SAT Symposium IX

This year I’ve been invited to give a presentation at the Symposium IX of la Société des arts technologiques in Montreal. I’ll be discussing the Vibropixels and the use of tactile displays for the creation of social interactions.

Visuals, Sounds, and Haptics

Wednesday, May 31, 2017 — 10:30am and 2:30pm

Tactile displays are active electronic systems which allow for the dynamic creation of touch sensations, typically through the use of wearable vibrotactile actuators. In this workshop we will discuss the basic of working with tactile displays and present several systems suitable for arts and entertainment applications.

Presenters:

Marcelo M. Wanderley: Marcelo M. Wanderley is a Full Professor of Music Technology and director of the Input Devices and Music Interaction Lab at McGill University, Canada, and the International Chair at Inria Lille, France. His research interests include the design and evaluation of digital musical instruments and the analysis of performer movements. Wanderley holds a PhD in acoustics, signal processing and computer science applied to music from Université Paris 6.

Ian Hattwick: Ian Hattwick is an artist, researcher, and technology developer whose work focuses on the creation and use of digital systems for professional artistic performances. With a background in music composition and performance, Ian is particularly interested in use of multimodal hardware systems to explore and facilitate social and embodied interaction. His work includes the creation of prosthetic musical instruments worn by dancers, wearable tactile display systems enabling the creation of social touch experiences with 20-100 participants, and digital musical instruments whose embedded visual and tactile displays reify hidden digital processes and subtle gestural interactions. His work has been seen in festivals and concert halls all over the world, including the Berliner Festspiele, Chronus Art Center (Shanghai), and the Concertgebouw Bruges.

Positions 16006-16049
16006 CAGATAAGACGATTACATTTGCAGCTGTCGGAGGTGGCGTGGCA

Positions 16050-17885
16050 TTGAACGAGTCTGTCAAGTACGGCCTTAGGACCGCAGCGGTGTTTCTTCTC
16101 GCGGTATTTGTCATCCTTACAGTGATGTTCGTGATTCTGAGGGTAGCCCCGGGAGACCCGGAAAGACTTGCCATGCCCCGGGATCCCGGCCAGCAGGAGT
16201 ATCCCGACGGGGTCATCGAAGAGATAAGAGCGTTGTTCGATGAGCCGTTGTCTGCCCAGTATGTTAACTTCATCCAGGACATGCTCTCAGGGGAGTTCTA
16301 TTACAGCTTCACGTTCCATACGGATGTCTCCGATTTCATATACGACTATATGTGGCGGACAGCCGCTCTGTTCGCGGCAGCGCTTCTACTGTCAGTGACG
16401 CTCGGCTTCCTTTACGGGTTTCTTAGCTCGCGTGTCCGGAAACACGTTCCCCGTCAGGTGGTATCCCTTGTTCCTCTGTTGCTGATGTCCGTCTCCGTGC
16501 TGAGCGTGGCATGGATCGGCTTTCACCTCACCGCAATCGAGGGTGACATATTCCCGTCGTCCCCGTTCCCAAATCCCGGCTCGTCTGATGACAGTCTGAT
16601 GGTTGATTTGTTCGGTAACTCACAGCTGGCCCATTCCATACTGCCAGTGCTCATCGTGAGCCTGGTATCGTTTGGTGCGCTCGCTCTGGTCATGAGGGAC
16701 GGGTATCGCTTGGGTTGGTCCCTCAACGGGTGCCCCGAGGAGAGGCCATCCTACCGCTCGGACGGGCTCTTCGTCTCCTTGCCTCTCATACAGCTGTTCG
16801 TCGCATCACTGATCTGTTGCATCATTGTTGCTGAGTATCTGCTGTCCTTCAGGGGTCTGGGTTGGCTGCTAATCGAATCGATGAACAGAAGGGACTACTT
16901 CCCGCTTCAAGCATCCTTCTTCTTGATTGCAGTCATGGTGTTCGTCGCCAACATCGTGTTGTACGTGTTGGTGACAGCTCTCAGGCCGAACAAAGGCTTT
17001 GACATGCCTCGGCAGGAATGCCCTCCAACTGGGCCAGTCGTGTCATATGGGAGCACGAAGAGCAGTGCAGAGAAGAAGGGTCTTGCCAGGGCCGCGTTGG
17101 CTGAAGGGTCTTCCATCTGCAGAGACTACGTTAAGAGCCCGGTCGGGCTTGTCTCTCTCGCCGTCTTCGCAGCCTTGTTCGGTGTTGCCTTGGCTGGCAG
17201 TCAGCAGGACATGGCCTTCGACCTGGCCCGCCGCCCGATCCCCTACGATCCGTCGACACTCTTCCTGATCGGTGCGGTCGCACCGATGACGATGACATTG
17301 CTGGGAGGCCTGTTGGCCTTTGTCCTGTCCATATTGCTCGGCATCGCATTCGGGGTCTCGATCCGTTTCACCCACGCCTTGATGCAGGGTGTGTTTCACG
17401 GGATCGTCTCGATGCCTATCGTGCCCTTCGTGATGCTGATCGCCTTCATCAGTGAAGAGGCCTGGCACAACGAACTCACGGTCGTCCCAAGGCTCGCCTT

Patrick Ignoto: Patrick Ignoto is a student at McGill University and researcher in the Input Devices for Music Interaction Laboratory (IDMIL) and the Centre for Interdisciplinary Research in Music Media and Technology (CIRMMT). He has a Bachelor of Engineering in Electrical Engineering and is working on a Master’s degree in Music Technology. His academic interests lie in human-computer interaction and the applications of haptic technologies in music and beyond.  His research focuses on haptic alternatives for the click track for live performers using the Vibropixels.

Jan Anlauff: Jan Anlauff is an interdisciplinary researcher on wearable haptics with a background in embedded hardware development, ubiquitous computing and human-computer interaction design. Always aiming to build systems that work in the real world, he is particularly interested in creating building blocks to facilitate collaborative prototyping with state-of-the art wearable sensor and actuator technologies. Currently finishing his Ph.D. at the Shared Reality Lab at McGill, Jan investigates applications of these for multimodal biofeedback systems for balance rehabilitation and in virtual and augmented reality environments.